If you are completely new to CrossFit, I’d really suggest you look for an experienced coach who can help with correct form and load. Facebook can be a great tool for finding local classes where people give great feedback, and you can tap into some of those people to see how their individual fitness needs were addressed by the coach.
The Typical Elements Of A CrossFit Workout Class
Although they will always differ, let’s take a look at how a typical CrossFit workout is structured, to give you an idea.
Typically, you’ll have three or four elements to each daily workout that consists of the following:
- You will get your blood flowing and warm the muscles up thoroughly through doing a warmup. This is pretty standard, and usually means various types of stretching exercises.
- A skill development element, where you can improve previously done exercises. So it could be improving your back squat, or some other element. This is usually the time where you would also work up to your one rep max.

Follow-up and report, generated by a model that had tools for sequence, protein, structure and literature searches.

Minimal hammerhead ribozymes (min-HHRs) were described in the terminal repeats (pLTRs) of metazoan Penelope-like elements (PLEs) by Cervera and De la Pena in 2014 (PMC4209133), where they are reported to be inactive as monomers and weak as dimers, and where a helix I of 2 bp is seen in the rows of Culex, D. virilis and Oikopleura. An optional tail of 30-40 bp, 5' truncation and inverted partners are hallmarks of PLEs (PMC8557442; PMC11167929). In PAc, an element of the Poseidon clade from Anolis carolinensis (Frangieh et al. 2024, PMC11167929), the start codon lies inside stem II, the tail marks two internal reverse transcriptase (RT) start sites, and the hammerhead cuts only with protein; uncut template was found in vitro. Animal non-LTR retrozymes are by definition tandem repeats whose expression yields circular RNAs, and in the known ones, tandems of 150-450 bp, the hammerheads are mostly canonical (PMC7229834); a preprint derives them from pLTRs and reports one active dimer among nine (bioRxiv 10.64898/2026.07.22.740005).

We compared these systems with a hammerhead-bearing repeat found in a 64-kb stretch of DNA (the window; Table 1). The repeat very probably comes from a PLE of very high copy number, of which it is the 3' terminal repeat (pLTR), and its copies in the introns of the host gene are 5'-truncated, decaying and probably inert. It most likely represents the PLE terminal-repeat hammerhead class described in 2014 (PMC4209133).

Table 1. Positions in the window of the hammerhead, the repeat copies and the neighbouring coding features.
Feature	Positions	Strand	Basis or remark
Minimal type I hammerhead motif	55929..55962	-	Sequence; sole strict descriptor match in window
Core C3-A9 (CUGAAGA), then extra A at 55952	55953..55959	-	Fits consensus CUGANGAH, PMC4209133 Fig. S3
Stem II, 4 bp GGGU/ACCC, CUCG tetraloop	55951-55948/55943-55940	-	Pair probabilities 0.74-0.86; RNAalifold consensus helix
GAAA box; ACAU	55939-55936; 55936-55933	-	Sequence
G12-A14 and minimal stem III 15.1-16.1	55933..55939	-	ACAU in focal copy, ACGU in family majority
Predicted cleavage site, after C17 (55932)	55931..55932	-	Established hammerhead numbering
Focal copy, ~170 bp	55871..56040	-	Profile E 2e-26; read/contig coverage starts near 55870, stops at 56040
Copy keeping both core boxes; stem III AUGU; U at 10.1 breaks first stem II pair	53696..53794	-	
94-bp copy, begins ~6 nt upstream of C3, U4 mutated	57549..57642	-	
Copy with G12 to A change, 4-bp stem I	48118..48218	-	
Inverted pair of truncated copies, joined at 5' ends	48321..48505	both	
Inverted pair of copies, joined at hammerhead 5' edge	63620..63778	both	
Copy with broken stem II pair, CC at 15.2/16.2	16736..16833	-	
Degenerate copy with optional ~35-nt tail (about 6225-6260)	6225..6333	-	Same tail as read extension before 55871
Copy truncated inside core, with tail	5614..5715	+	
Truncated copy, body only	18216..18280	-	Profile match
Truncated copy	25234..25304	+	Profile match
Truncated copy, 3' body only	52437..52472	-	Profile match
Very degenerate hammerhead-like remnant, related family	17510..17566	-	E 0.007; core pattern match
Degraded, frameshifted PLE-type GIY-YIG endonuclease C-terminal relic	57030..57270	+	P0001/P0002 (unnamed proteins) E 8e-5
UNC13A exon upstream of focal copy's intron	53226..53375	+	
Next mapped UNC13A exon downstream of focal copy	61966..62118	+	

- The third part is the actual workout, the WOB. What that workout is in terms of length, intensity, and structure, will depend on various factors including your own level of mobility and fitness.
- There is usually then a post workout element where you stretch and warm down. Some of the CrossFit affiliate coaches also offer additional services like seminars, or clinics where they will help with elements of CrossFit generally, including diet and specific exercises.
Can Anyone Benefit From CrossFit Training?
The claim is that anyone can benefit from CrossFit training, and because of the way the workout can be tailored to different capabilities, that is partially true.
However, it is important to understand that it isn’t risk free. 20% of people who have done CrossFit have admitted a multi-day injury because of CrossFit that has limited that every day ability to function.
That’s around a million people at the very least who have had an injury that affected daily life because of CrossFit. It could be they are pushing themselves too hard, and not being realistic. But you have to be careful with any exercises.